Time: Fri Jul 04 04:23:26 1997
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Date: Fri, 04 Jul 1997 04:20:52 -0700
To: (Recipient list suppressed)
From: Paul Andrew Mitchell [address in tool bar]
Subject: SLS: SAP National Conference Call (fwd)
References: <>

Dear SAP et al.,

Please explain Treasury Decision 2313, then.
Mr. Brushaber was the stockholder.  The 
Brushaber decision says so, in the very 
first sentence.  So, please don't try to
tell us he was a fiduciary for some other
stockholder.  That assertion assumes facts
not in evidence.  

Have you read the decision?

The Union Pacific Railroad Co. was the domestic
corporation to which the Treasury Decision
refers.  UPRR was chartered by Congress;
"The Federal Zone" cites the Act of Congress
which did so.  So, the ONLY other party to
which the T.D. refers is the stockholder --
Frank Brushaber -- non-resident alien!!

Brushaber was a Citizen of New York state,
and a resident of Brooklyn, in the City of
New York.  He stated his status in his 
original pleadings.  To say anything else
about his status, again, assumes facts which
were not in evidence.  

Have you read his original pleading in which 
he proclaims his status, clearly?

SAP does not understand the implications
of municipal law.  The IRC is a municipal code.

It's either a case of "not invented here,"
or you are deliberately misleading people,
for reasons I do not entirely understand,
and certainly cannot approve, in all honesty.

There are two classes of citizenship in
America.  This you refuse to admit.
Your literature makes the same serious error,
over and over.

This approach was successful in the John Knox
case in San Antonio;  it was the late John Knox 
who first introduced me to this amazing reality.
I was the ONLY one who would listen to him
at the Tax and Monetary Conference in Denver,
in the fall of 1991.  I am so very glad I did.

If SAP persists in telling people false
statements about the Brushaber decision
and T.D. 2313, then I will have to go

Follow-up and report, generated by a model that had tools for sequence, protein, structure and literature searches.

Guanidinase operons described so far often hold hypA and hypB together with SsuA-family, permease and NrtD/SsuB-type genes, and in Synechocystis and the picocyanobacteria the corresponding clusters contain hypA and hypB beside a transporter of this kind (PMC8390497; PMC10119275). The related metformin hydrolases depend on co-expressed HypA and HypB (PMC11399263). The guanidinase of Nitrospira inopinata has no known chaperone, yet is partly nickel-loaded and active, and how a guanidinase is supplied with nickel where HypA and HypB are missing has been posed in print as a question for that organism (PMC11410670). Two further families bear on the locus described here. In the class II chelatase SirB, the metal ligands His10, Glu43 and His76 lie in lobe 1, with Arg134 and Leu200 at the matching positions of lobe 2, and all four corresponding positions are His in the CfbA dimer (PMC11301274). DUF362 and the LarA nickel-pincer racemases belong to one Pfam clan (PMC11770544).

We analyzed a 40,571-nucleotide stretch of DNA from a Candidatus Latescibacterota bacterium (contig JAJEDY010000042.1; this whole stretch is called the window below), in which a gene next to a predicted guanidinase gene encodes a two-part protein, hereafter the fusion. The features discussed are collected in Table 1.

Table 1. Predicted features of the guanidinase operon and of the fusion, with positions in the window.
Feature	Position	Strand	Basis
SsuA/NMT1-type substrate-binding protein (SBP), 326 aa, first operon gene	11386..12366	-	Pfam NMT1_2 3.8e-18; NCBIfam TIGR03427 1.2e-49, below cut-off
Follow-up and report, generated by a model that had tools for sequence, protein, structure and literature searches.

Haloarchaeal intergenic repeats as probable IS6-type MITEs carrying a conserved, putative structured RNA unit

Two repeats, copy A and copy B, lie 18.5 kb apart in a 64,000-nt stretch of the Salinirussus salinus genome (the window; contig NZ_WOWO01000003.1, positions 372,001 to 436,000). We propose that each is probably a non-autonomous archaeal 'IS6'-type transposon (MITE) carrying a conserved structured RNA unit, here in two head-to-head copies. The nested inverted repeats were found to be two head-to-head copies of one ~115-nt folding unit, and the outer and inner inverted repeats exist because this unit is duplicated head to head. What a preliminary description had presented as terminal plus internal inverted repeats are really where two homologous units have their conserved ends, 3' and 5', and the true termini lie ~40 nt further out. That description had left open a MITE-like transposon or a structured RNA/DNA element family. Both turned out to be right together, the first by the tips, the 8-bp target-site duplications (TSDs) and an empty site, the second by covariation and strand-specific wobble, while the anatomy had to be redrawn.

very public in my criticisms of your 
errors, and your organization.  What you
see here is only the beginning.

If you have licensed attorneys on your staff,
they are aliens, pursuant to the original
13th amendment.  They owe their allegiance
ultimately to a foreign power.  They have
forfeited their citizenship (either class),
and they are barred from serving in any 
public office, including officer of the court.

Please do not try fear tactics with me.  

They don't work!

I am waiting (still waiting) for answers
from your organization.

Please stop lying at me.  

That doesn't work either.

/s/ Paul Mitchell

At 11:14 PM 7/3/97 -0400, you wrote:
>SAP often alerts people to such erroneous arguments.  SAP pays them the
>attention they deserve in that they highlight the fact that they are
>erroneous and show how such arguments can cause you to be laughed at in
>court on your way your jail cell.
>> The following essay never received any response
>> whatsoever from the people who received it at
>> the Save-A-Patriot Fellowship.
>> This is Appendix W from "The Federal Zone,"
>> for your information.
>> I don't mean to tarnish SAP's otherwise excellent
>> reputation.  However, I DO think that the issues of
>> law, as discussed in this Appendix, at least deserve
>> an open and healthy debate, in honor of the
>> First Amendment and the Fourth of July, if nothing else.
>> Sincerely,
>> /s/ Paul Mitchell
>> http://www.supremelaw.com
>> [This text is formatted in Courier 11, non-proportional spacing.]
>> TO:       Edward A. Ellison, Jr., J.D.
>>           John William Kurowski
>> FROM:     Paul Andrew Mitchell, Author
>>           "The Federal Zone"
>> DATE:     March 24, 1992
>> SUBJECT:  "Direct Taxation and the 1990 Census"
>>           your essay in Reasonable Action newsletter,
>>           Save-A-Patriot Fellowship, July/August 1991
>>      I  was   very  gratified   to  see   such  a   thorough  and
>> authoritative treatment  of "direct  taxation" in the July/August
>> 1991 issue  of the  Reasonable Action  newsletter.   My  research
>> continues to convince me of the extreme constitutional importance
>> of the  apportionment rule  for direct  taxes levied  by Congress
>> within the  50 States  of the  Union.   I am writing this memo to
>> share with  you some  of my thoughts on the subject, and to offer
>> my challenge  to a  few points  which are  not necessarily beyond
>> dispute.   Please understand  that I am in general agreement with
>> most, but  not all  of your  essay.   Permit me  to play "devil's
>> advocate" as  I  focus  on  some  issues  which  deserve  greater